EU – The amount of used packaging sent for final disposal in Europe is declining rapidly, according to a EUROPEN analysis of official EU data on packaging waste.
When compared with economic growth, the analysis indicated a decline in packaging waste. Despite a 17.5% per capita increase in household consumption expenditure on food and non-alcoholic drinks between 2000 and 2010, an ageing population and a trend throughout Europe toward smaller households - all leading to the purchase of a greater number of packaged goods - the amount of non-wood packaging placed on the market in the original EU-15 member states rose by just 5.6% over the same period.
Despite the rising prosperity, the amount of packaging put into circulation in the new Member States increased from 79 kg per capita in 2005 to 84 kg in 2010, in the EU-15 it was reduced from 183 kg to 176kg over the same period. The net effect across EU-27 was a reduction from 160 kg in 2005 to 157 kg in 2010.
Virginia Janssens, acting Managing Director of EUROPEN, explained that higher recovery rates, in particular recycling rates, have largely contributed to the decline in packaging waste sent for final disposal.
“In 2010, just under 18.7 million tonnes of used packaging were sent for final disposal in the EU 27 member states,” she said. “To put this into context, it has been estimated that 89 million tonnes of food were wasted in the EU 27 in 2006.”
Meanwhile, 76% of packaging placed on the EU-27 market was recovered in 2010, against 67% in 2005. Recycling rose from 55% in 2005 to 63% in 2010, while the amount sent for final disposal fell from 33% in 2005 to 24% in 2010.
In EU-15, recovery increased from 70% in 2005 to 79% in 2010, while recycling rose from 57% in 2005 to 65% in 2010. The amount sent for disposal fell from 30% in 2005 to 21% in 2010.
This EU policy states that waste should be treated as a resource, and aims to ensure that “waste generated per capita is in absolute decline” and “recycling of waste are economically attractive options… due to widespread separated collection and the development of functional markets for secondary raw materials, energy recovery is limited to non recyclable materials and landfilling is virtually eliminated.”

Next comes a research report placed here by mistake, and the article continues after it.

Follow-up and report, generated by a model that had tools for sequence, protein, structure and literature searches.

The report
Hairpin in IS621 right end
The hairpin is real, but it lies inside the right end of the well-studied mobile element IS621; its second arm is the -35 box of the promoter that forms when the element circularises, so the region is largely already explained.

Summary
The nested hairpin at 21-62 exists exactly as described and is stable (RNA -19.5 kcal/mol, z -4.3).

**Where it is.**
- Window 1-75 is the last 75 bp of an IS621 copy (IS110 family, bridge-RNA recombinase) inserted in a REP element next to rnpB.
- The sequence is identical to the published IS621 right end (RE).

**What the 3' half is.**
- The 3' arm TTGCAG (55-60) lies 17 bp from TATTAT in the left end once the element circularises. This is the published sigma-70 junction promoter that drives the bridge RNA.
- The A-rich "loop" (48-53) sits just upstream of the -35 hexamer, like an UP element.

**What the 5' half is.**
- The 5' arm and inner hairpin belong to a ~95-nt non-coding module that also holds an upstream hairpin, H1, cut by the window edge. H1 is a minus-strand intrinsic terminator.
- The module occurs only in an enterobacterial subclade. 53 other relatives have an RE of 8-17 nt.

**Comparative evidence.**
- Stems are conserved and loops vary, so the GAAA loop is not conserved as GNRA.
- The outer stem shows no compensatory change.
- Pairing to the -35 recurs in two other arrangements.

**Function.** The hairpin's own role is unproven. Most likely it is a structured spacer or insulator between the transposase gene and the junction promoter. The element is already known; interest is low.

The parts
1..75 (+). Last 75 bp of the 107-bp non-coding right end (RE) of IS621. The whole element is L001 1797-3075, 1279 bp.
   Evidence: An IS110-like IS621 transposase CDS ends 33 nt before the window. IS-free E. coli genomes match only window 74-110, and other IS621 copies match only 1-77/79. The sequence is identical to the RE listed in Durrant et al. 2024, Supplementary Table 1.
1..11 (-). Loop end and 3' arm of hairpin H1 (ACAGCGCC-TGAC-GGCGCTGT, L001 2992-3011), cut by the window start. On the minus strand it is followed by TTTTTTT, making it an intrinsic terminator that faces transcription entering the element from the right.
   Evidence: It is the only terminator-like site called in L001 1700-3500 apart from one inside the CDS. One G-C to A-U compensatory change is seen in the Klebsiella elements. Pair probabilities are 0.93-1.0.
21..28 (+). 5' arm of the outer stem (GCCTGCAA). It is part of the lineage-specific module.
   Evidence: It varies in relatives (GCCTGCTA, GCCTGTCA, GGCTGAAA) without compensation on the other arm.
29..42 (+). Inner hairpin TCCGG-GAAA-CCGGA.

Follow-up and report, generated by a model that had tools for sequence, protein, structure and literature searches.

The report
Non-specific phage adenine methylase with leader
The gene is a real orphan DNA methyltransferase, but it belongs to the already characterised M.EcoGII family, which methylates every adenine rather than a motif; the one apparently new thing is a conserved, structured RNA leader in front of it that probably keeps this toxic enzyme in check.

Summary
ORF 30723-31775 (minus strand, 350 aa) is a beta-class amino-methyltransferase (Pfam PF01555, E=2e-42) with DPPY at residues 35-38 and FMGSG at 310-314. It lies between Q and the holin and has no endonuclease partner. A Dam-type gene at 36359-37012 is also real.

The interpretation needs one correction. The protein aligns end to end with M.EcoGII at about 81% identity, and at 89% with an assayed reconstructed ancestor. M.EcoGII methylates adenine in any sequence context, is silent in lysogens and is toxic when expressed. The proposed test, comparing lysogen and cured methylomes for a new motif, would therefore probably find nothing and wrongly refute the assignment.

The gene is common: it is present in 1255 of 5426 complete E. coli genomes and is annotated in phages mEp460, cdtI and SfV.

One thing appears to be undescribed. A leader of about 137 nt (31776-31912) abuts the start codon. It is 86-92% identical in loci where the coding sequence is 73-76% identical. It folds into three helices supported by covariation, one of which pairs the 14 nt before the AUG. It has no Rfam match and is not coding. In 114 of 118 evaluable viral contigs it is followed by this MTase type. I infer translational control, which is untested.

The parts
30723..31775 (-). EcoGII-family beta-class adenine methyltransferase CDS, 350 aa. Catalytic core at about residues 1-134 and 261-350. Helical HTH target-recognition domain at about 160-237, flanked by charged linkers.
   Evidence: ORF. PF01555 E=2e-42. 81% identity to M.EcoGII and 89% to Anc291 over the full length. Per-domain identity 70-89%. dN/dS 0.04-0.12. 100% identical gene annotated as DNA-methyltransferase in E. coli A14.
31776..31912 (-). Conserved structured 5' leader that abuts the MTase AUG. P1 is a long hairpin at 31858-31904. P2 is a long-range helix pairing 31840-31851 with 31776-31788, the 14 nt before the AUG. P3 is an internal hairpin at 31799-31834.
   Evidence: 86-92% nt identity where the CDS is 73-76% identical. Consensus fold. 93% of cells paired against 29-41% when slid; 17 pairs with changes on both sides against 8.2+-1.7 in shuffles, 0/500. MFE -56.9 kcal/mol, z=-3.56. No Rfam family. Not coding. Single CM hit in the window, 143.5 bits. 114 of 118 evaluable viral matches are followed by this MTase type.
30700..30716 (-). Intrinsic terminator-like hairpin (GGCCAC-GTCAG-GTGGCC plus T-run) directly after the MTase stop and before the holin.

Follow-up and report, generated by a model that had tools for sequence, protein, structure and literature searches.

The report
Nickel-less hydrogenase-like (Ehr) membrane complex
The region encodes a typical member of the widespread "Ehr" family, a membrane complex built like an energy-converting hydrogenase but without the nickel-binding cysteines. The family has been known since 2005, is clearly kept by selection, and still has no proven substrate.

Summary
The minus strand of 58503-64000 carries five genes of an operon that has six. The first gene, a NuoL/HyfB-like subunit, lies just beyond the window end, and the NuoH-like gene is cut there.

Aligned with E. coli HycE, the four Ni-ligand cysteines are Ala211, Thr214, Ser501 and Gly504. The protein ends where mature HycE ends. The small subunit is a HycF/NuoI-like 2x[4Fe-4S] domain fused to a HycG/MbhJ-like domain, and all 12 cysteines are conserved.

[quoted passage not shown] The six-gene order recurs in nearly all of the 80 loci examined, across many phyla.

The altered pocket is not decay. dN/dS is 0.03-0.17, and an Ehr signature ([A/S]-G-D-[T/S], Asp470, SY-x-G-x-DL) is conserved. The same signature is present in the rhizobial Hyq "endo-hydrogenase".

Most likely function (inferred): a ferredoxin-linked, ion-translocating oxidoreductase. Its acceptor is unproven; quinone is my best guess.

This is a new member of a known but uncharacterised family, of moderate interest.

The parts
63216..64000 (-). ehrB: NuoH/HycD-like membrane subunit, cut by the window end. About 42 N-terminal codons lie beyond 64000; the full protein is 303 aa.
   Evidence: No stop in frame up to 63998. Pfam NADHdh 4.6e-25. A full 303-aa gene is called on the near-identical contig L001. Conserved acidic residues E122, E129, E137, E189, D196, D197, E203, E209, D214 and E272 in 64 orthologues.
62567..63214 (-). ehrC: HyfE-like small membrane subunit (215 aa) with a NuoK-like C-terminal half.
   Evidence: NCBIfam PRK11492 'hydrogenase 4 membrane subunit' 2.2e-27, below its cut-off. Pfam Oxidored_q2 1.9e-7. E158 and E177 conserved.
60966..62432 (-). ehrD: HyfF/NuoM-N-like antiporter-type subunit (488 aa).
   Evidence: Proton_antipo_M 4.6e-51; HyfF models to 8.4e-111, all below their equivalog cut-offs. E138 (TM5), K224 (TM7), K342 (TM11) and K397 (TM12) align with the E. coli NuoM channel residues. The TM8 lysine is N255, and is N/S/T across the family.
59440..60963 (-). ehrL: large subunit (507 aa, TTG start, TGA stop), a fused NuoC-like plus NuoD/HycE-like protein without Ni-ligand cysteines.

The EU Directive set a recycling target of 55% to be achieved by 12 member states in 2008. The remainder, including the newer Member States, are required to meet the same target by various dates between 2011 and 2015. All 12 met their 2008 deadline, and by 2010 only five of the 27 Member States had not yet achieved a 55% recycling rate.
Janssens noted that the Eurostat data “also reflects how the packaging supply chain has used less and less material to get product to the consumer in good condition.
“In the context of overall sustainability, packaging should be regarded as part of the solution, and as a net contributor to achieving the broad sustainability goals of resource optimisation and waste minimisation,” she added.
The European Organization for Packaging and the Environment - EUROPEN - is an industry organization which member companies have an economic interest in packaging and packaged goods. It presents the opinions of its members on issues related to packaging and the environment.